The older versions of Windows allowed total control over the installation of bug fixes. Version 10 removes this control (except for corporate editions), making it a poor choice for anyone using Windows for something they consider important. There are many circumstances where a computer owner would rather live with known bugs than be interrupted, or, take a chance on new software breaking something.

Another fallout from the mistaken impression that all techies think "upgrading to Windows 10 is a wise idea" is the failure to mention two utilities that block the installation of Windows 10 -- GWX Control Panel and Never10 from Steve Gibson. Both programs are free and highly recommended. Never10 is the new kid on the block having just been released a couple months ago. Yet, it has been downloaded over 738,000 times.

That the article calls Windows 10 "more secure" bothers me no end. For one thing, this is standard boilerplate language that Microsoft uses every time they release a new version of Windows.

And, while a new version of Windows may be more secure than previous editions, this re-directs attention from the bigger picture: Windows is the least secure operating system in wide use. All the other major choices: OS X, Linux, iOS, Android and Chrome OS are more secure than Windows.

In part this stems from the popularity of Windows, but it is also due to the system doing a poor job both of defending itself and isolating applications. And, non-Microsoft software just adds to the problem. Many anti-virus programs have been found to contain vulnerabilities and Duo Security just reported security issues in the software that hardware manufactures pre-install to update their own drivers and applications. They looked at Acer, Dell, Lenovo, HP and Asus and found bugs with all of their software

A few days ago, Martin Brinkmann of gHacks wrote about Windows 10 Limited Periodic Scanning, a feature that lets you run two antivirus programs. More secure? Really? 


The Times article does point out that the basic issue of whether your computer and peripheral devices are compatible with Windows 10 is a crap shoot.

Writing recently about the way that Microsoft tricks people into upgrading, Susan Bradley wrote

... if you could assure me that EVERY application would still work, all printers, all devices, everything worked 100% with Windows 10 ... I should be ... glad this is happening ... But here’s the thing, people have old stuff. People can’t always afford to buy a new printer at the drop of a hat or buy new software every time there’s an major release that causes it to no longer work.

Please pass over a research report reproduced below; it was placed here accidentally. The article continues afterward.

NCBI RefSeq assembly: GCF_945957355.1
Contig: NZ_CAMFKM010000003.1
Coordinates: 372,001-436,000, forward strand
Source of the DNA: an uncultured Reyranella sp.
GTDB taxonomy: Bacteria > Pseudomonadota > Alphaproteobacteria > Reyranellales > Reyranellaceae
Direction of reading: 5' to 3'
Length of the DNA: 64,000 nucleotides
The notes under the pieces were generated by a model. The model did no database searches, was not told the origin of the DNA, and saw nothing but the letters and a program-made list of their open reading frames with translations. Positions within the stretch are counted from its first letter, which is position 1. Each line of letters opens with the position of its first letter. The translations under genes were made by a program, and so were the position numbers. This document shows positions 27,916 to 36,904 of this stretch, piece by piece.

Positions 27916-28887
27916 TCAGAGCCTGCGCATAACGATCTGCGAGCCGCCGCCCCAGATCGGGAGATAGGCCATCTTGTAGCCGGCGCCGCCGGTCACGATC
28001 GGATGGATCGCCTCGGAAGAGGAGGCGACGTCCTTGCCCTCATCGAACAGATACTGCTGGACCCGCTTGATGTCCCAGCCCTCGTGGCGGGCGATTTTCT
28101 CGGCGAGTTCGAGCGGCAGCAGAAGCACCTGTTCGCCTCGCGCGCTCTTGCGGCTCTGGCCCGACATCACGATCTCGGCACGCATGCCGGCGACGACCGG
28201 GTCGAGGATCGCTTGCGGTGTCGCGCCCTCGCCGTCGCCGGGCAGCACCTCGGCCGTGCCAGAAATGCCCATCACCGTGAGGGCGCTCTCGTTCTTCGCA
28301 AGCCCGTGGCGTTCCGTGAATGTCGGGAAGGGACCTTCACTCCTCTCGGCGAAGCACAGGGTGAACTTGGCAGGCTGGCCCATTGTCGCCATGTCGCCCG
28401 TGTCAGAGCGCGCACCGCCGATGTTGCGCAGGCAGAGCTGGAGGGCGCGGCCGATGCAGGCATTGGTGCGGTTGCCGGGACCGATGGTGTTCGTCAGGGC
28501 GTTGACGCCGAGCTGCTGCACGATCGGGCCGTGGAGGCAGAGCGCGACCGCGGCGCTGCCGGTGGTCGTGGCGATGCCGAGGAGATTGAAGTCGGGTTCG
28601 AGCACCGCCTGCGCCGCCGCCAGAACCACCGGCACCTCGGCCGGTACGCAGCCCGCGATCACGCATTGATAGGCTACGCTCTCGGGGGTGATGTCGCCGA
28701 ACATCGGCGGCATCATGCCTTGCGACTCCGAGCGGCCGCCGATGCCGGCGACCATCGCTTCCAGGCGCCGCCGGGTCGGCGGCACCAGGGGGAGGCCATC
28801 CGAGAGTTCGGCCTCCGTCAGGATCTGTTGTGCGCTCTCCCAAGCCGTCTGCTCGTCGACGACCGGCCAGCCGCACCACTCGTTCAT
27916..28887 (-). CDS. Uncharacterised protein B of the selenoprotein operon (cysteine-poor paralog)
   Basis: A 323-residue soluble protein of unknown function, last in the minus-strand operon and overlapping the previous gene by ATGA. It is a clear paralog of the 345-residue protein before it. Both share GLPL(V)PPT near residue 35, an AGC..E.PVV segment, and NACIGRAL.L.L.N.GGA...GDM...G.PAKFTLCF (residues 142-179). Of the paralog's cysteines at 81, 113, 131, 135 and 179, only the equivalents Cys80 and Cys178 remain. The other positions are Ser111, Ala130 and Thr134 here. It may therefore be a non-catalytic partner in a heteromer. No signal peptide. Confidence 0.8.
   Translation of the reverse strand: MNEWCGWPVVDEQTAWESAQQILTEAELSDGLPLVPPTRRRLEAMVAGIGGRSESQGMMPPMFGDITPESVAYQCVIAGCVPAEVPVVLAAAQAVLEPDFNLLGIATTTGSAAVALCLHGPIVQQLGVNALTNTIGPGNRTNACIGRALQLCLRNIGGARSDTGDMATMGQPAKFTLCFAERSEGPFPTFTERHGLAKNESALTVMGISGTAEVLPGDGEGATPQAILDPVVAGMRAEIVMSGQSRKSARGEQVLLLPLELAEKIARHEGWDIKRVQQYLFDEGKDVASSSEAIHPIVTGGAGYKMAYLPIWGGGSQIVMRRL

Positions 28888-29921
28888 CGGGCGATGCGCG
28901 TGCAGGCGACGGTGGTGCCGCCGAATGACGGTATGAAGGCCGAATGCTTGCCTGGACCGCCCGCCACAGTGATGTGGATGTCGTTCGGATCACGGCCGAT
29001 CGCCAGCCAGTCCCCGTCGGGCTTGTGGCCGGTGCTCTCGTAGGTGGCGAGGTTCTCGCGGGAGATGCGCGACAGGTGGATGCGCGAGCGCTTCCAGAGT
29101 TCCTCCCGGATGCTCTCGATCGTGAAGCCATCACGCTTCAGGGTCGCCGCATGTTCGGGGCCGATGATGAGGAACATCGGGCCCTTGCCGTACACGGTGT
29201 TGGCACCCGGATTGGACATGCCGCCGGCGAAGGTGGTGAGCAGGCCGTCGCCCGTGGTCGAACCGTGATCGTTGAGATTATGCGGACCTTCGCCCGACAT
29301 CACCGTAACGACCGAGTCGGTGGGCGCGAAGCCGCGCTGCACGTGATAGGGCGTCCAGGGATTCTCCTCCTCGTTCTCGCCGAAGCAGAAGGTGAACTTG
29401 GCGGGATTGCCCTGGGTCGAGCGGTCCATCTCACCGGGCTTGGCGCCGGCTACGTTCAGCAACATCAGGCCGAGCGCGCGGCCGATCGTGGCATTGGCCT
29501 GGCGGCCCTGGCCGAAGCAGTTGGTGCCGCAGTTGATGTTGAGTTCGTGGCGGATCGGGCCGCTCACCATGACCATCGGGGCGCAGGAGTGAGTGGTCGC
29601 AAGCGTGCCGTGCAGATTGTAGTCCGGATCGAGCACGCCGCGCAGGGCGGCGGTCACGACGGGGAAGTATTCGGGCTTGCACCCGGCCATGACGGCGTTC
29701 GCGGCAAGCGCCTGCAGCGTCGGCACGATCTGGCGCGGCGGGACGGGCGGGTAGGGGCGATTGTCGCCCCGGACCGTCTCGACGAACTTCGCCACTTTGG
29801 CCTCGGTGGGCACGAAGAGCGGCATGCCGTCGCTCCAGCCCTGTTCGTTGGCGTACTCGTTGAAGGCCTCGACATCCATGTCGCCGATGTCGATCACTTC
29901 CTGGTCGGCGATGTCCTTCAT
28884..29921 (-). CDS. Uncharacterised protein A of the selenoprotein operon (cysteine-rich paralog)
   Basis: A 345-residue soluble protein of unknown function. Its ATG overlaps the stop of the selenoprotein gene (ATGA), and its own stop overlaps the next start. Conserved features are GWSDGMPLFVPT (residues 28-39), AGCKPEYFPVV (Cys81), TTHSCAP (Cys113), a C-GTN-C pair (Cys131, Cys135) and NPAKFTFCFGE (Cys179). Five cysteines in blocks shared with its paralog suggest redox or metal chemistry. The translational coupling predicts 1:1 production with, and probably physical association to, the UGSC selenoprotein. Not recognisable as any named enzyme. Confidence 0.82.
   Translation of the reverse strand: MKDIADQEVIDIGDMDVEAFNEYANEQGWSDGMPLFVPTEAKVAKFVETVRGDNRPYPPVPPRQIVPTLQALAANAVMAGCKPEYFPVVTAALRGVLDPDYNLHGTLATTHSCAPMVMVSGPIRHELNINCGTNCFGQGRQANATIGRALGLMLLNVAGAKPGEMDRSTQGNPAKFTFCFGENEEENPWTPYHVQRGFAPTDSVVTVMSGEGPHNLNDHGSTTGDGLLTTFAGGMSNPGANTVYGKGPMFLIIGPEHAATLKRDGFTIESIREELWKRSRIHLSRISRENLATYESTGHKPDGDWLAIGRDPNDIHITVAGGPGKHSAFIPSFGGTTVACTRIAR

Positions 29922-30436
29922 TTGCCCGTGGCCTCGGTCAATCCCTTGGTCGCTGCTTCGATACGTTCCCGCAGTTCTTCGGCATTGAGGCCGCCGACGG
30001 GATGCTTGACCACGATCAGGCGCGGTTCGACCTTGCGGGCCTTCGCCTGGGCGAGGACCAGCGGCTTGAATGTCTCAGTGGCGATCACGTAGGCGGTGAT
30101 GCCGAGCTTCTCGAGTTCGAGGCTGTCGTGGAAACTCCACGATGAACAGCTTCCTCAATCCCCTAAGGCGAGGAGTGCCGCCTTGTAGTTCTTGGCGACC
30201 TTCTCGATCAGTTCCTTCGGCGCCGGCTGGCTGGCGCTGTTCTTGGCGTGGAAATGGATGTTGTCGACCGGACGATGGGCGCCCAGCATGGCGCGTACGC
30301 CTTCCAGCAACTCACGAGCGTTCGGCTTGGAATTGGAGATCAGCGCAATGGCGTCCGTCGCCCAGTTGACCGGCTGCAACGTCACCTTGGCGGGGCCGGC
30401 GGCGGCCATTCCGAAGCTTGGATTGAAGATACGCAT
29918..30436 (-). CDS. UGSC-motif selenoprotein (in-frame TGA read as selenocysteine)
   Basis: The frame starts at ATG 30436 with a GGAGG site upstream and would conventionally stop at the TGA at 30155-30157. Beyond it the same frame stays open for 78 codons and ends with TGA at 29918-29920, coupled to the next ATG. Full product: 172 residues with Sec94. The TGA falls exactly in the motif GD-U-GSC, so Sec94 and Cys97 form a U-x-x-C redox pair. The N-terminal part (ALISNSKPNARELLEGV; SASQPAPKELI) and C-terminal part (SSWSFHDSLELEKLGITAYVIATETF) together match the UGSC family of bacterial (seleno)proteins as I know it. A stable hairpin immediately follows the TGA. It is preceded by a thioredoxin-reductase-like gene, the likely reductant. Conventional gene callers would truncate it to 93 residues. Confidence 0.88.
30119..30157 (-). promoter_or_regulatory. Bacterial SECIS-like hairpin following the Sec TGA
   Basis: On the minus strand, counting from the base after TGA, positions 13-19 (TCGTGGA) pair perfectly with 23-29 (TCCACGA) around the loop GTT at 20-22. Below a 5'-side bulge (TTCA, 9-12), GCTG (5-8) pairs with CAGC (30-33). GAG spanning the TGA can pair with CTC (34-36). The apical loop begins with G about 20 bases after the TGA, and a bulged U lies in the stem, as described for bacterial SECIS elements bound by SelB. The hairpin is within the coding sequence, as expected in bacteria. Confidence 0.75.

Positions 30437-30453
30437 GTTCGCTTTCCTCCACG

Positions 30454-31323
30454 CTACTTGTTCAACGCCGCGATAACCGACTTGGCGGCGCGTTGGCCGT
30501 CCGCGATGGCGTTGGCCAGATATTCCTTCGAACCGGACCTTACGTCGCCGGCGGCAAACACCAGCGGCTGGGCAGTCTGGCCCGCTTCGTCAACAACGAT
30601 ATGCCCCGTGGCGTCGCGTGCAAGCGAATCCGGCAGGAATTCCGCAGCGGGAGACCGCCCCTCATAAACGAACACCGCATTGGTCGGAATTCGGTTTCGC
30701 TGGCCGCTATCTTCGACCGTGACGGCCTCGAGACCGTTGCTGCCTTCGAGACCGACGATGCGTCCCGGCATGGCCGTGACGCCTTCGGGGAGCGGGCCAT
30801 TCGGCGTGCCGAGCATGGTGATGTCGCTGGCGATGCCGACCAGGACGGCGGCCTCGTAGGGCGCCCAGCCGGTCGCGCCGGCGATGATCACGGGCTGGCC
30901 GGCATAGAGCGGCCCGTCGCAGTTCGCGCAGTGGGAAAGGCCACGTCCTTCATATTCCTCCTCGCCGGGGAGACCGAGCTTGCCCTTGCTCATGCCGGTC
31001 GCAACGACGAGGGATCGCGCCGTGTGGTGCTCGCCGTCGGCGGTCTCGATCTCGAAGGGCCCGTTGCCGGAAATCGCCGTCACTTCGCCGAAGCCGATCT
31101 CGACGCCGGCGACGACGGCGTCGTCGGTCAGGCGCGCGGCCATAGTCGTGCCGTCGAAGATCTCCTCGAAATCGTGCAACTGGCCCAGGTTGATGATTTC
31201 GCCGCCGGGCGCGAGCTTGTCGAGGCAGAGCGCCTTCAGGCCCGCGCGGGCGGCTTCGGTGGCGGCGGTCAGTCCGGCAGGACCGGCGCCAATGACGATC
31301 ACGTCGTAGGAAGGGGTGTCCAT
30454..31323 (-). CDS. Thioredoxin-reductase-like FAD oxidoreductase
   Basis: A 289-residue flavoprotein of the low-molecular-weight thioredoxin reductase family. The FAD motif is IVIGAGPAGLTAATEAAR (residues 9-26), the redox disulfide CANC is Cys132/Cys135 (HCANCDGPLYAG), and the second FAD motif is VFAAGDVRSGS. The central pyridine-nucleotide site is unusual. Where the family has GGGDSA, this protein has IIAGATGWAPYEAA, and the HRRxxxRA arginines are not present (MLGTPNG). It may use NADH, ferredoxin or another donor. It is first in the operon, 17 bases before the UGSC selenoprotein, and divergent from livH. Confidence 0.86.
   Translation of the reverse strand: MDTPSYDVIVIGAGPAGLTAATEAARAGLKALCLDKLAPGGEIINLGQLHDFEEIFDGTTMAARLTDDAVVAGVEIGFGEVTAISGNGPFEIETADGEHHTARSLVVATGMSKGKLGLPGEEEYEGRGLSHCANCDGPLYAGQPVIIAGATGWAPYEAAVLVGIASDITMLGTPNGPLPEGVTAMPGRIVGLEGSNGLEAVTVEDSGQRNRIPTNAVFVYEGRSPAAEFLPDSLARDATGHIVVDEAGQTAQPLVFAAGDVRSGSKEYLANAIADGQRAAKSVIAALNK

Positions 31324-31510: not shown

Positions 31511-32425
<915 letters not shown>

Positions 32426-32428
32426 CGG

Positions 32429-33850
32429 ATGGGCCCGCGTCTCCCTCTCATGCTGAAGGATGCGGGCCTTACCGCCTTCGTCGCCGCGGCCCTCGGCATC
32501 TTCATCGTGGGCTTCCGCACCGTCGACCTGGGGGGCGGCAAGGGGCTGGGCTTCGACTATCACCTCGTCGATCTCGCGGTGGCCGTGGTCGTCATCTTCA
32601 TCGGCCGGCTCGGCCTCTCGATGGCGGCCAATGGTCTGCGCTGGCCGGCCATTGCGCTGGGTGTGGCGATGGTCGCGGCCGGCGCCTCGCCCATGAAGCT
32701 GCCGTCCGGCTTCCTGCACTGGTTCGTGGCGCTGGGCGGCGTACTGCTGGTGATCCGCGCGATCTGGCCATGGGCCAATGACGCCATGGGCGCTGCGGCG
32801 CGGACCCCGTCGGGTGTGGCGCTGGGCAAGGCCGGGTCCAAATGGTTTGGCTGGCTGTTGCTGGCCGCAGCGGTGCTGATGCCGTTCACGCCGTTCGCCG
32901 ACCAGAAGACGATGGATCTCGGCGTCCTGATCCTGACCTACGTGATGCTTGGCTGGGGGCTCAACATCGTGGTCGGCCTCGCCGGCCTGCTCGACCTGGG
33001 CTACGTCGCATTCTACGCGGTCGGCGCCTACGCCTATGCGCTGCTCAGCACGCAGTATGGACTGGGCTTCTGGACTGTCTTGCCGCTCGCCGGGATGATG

Leo Notenboom said by email that he "hears from too many who believed the compatibility test and ended up regretting it."

The issue of printers not working with Windows 10 came up twice in the article, and it bears repeating. Notenboom wrote that "The biggest issue I hear about from people who successfully upgrade to Windows 10 is peripherals like printers and scanners that no longer work, and for which there is no plan for updated drivers to make them work."

Before considering an upgrade, the onus is the owner of a Windows 7 or 8 computer to check that their printer will still function. Specifically, this means going to the website of the printer manufacturer, finding the Support section, entering the printer model number and reading carefully. The price of the free upgrade may be a new printer.

Owners of an all-in-one device need to verify that it will not only print, but also scan and fax after Windows 10 is installed.


Nothing in the article got me angrier than this: "Before starting an installation, back up all of your data". Taken at face value, the advice is correct, but it is also woefully incomplete. Any competent techie would advise making an image backup, either in addition to, or instead of, simply backing up data files.

An image backup backs up everything which makes it King of the Hill in backup land. The term "image" comes from "picture"; an image  backup is like taking a picture or snapshot of the entire hard drive. 

Get infected with a virus, malware or ransomware? Restore the system to the last image backup. Hard drive dies? Buy a new one and restore to the last image backup. Something goes wrong upgrading to Windows 10? Restore an image backup from just before the upgrade. For whatever reason, image backups are the Rodney Dangerfield of computing, they get no respect.